DUBAI (Reuters): The Biden administration has informed Israel that Washington will impose visa bans in the next few weeks on Israeli extremist settlers engaged in violence against Palestinian civilians in the occupied West Bank, a senior State Department official said.
US Secretary of State Antony Blinken in his meeting with Israeli Prime Minister Benjamin Netanyahu and his war cabinet have let them know that the United States will take its own action against an undisclosed number of individuals.
The West Bank, among the territories where Palestinians seek statehood, has experienced a surge of violence in recent months amid expanding Jewish settlements and a nearly decade-old impasse in US-sponsored peacemaking.
The violence, at a more-than-15-year high this year, surged further after Israel hurtled into a new war in the separate enclave of Gaza in response to Palestinian militant group Hamas unleashing the deadliest day in Israel’s history on Oct. 7.
The United States has repeatedly expressed its concern over the rising violence in the West Bank, saying it must stop. US President Joe Biden, in a Nov. 18 Washington Post opinion piece threatened to take action against the perpetrators.
“I have been emphatic with Israel’s leaders that extremist violence against Palestinians in the West Bank must stop and that those committing the violence must be held accountable. The United States is prepared to take our own steps, including issuing visa bans against extremists attacking civilians in the West Bank,” Biden wrote.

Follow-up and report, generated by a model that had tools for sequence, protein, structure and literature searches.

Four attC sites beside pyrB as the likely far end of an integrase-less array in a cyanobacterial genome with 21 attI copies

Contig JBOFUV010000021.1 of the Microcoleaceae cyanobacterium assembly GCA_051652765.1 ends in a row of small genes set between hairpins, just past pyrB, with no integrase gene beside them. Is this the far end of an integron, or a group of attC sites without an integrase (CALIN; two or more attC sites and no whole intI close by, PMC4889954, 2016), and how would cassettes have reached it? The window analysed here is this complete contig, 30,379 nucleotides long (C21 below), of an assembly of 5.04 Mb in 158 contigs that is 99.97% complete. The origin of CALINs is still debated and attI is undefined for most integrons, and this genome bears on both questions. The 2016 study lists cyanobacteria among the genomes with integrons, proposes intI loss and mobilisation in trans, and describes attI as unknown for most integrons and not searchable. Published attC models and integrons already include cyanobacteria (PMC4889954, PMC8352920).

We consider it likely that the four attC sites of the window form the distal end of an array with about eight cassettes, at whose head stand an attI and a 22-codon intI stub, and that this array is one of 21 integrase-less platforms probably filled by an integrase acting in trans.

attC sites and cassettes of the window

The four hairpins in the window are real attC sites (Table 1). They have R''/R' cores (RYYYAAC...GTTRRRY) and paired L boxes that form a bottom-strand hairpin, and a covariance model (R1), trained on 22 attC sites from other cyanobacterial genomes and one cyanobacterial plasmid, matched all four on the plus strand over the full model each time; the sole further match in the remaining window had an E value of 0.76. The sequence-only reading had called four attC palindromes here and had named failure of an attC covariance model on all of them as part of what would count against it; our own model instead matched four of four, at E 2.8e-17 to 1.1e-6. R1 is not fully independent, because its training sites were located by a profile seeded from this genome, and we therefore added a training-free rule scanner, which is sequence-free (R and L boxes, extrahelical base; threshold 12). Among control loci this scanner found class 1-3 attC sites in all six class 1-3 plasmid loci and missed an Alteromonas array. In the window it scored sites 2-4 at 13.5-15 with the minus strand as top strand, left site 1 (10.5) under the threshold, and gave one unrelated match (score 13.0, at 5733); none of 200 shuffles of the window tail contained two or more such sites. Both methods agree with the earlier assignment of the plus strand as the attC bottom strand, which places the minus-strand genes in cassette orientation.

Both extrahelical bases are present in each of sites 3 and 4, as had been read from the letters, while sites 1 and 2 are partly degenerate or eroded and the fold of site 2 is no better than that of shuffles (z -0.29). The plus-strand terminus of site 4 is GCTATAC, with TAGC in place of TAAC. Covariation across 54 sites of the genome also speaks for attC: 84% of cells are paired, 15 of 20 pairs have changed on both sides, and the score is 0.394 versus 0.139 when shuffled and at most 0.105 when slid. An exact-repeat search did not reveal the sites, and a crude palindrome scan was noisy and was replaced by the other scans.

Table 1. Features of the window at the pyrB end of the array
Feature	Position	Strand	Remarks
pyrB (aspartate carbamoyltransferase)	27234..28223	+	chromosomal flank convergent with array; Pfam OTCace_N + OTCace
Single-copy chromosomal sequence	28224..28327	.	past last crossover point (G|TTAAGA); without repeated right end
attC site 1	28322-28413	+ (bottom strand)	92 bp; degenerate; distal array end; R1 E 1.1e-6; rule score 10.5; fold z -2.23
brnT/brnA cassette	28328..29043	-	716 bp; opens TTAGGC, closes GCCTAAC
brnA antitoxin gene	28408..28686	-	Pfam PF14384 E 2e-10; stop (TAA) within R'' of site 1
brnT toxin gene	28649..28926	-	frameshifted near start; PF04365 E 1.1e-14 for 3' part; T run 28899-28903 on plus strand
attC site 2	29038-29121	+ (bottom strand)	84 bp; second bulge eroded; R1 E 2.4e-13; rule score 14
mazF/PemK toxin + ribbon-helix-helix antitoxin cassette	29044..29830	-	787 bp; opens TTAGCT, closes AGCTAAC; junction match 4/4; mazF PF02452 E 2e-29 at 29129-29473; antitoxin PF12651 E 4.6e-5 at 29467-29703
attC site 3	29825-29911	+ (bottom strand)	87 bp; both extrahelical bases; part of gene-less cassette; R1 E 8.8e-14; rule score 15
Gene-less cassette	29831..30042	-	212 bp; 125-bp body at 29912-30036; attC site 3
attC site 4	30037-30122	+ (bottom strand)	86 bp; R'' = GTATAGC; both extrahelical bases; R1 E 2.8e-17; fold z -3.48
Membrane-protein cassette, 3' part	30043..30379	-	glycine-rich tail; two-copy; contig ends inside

The State Department official, speaking on condition of anonymity to discuss sensitive matters, said Washington wants Israel to prosecute the perpetrators but has yet to see such a step.
The visa bans could come in the next few weeks, the official said.
Daily settler attacks have more than doubled, U.N. figures show, since Hamas, which controls the coastal enclave of Gaza to Israel’s southwest, killed 1,200 Israelis and took about 240 hostage. Israel has since bombed and invaded Gaza, killing more than 15,000 people.